Big View, Big Flavors
The Trattore tasting room is spacious and airy with a rustic elegance and an almost spa-like serenity despite its size. One end of the tasting room showcases a few shiny examples from Bucher’s prized tractor collection that look more like vintage race cars than farm equipment. But the main attraction of the tasting room is the riveting view. No matter the season, rainy or bright, the changing foliage and light is like a Monet painting come to life. The patio, outfitted with comfy low-slung couches and high-top tables, is the perfect perch to relax and catch the magical sunsets.
Settle in on the patio or cozy up to the wine or olive tasting bars inside. All tasting menus include both wine and olive oil samplings. Two wine flights are offered—The Estate Menu and the Reserve Menu at $20 and $30 respectively.
Both flights have their inherent charms, but the Reserve Menu consisting of the 2015 Viognier, 2015 Roussanne, 2014 TF Pinot Noir and 2014 Stone Soup, is a must.
Flights come with light nibbles. Truffle oil popcorn with some Roussanne perhaps? Yes, please.
For something heartier, charcuterie and cheese plates may be purchased. The plates are available daily, featuring local purveyors such as Valley Ford Cheese and Creamery, Zoe’s Meats from Santa Rosa, and Bohemian Creamery and Kozlowski Farms of Sebastopol.
On weekends you may find yourself face to face with the Buchers—Tim pouring wine and Mary Louise at the oil bar—greeting guests and sharing their enthusiasm and knowledge of the oils and wines.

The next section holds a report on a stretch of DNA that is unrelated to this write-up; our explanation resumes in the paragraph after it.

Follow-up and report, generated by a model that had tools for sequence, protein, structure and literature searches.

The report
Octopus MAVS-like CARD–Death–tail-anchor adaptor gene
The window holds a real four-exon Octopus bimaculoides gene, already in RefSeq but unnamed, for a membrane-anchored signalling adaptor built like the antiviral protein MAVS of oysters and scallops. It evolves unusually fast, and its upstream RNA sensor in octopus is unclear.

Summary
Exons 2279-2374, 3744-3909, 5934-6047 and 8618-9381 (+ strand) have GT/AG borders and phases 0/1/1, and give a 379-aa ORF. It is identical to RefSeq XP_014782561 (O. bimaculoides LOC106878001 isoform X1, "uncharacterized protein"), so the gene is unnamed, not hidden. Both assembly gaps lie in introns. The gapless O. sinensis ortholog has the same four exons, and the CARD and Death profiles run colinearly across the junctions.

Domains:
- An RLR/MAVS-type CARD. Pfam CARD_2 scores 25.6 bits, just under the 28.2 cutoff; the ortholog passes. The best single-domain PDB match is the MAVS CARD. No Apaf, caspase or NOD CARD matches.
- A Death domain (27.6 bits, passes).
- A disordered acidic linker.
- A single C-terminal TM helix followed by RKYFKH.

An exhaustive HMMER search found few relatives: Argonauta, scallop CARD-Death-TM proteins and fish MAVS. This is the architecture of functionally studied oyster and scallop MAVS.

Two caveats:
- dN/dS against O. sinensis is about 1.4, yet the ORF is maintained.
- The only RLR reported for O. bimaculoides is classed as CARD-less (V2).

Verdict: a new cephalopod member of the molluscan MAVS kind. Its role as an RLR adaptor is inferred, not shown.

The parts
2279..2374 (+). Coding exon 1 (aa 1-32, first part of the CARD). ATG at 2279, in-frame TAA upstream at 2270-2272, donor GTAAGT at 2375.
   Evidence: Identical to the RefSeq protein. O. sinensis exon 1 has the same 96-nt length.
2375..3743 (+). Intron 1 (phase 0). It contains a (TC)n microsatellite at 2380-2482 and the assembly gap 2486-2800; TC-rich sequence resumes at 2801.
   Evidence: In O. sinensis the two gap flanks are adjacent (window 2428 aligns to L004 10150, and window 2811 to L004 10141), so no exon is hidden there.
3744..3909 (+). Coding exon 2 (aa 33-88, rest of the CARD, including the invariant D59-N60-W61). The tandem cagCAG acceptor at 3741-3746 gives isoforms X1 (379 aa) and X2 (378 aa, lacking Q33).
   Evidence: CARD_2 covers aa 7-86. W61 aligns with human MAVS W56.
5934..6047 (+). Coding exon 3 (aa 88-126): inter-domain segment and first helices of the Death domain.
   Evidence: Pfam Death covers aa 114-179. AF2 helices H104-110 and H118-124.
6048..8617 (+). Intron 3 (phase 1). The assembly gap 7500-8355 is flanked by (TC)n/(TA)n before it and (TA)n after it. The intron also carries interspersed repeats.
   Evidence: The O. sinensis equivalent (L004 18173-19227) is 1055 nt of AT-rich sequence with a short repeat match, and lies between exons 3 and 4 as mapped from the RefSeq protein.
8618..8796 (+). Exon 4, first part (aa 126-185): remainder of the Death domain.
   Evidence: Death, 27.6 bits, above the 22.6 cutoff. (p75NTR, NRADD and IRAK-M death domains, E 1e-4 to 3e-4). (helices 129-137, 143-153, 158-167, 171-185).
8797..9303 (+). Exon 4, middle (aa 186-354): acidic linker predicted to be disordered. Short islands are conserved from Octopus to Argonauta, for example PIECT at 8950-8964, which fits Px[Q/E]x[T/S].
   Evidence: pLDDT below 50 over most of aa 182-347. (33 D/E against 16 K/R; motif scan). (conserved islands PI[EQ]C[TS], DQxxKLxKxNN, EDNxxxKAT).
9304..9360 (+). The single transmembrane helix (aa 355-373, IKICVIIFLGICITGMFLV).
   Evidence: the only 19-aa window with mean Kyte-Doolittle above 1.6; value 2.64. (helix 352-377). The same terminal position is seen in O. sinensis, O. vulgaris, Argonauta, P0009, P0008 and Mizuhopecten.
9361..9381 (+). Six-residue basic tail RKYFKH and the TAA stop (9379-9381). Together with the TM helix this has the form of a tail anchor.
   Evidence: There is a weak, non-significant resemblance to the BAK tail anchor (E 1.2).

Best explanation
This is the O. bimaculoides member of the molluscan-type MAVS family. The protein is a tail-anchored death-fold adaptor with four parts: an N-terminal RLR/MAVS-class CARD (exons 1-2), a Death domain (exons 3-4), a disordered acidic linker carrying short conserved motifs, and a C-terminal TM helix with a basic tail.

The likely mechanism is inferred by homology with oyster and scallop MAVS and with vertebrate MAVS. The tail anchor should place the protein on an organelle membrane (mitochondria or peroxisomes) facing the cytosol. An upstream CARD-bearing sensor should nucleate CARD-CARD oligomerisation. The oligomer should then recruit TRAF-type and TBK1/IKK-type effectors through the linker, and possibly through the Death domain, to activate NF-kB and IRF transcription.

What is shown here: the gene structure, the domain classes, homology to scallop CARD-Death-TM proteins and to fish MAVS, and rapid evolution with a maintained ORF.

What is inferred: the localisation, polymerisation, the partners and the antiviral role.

Sundays, from April to October, wood-fired pizzas are offered fresh and hot from the oven featuring house-made pizza dough from the resident dough maker—a difference you can taste. Try a glass of the Stone Soup or Grenache with the Trattore Classico: Red sauce, Mozzarella cheese, fresh basil, Tavola Toscana Extra Virgin Olive Oil. Or pair some Viognier or Roussanne with The Goat: No sauce, goat cheese, Anjou pear, Italian herbs and Meyer lemon olive oil.
Along with the whimsical tractor and logo-branded merchandise, Trattore has a selection of one-of-a-kind housewares. Follow your nose to the display of scented olive oil soaps made from Trattore’s own olive oils and handcrafted by Soap Cauldron in Sebastopol.
Of particular note are the white ceramic olive-oil dipping dishes designed by artist Mary Judge and inspired by the hillside terraces of Tuscany. The graduated levels of the plates highlight the different hues of the oils from dark to light. Both beautiful and functional, they come in a cloud and leaf motif. Be forewarned: You may find it difficult to leave without one.
2015 Roussanne – Beautiful floral nose with pear, apricot, citrus and honey hints. Full bodied with a complex and viscous mouth feel. Aromatics translate over to the palate with lush acidity.
2013 Stone Soup – This field blend, made with all five grapes grown on the property (Grenache, Mourvedre, Syrah, Petite Sirah and Zinfandel), is big and bold with an intense bouquet. Age-worthy, yes, but once you taste it, you’ll be hard-pressed to lay it down.
More than Expected
To some, Trattore Farms may appear as an anomaly—a large estate producing limited quantities of wine. But while the infrastructure is certainly in place to increase wine-case production, Trattore is not looking to become big for the sake of getting big. Instead Bucher and his winemaking team are interested in growing slowly, maintaining the quality of the wines and producing reds that are lighter style with lower alcohol.
Trattore Farms brings a twist to the mix in Dry Creek Valley most widely known as big, bold Zinfandel country. With their focus primarily on Rhône varieties and commitment to producing the finest olive oils, it’s more than coltura promiscua—it’s a delicious dichotomy.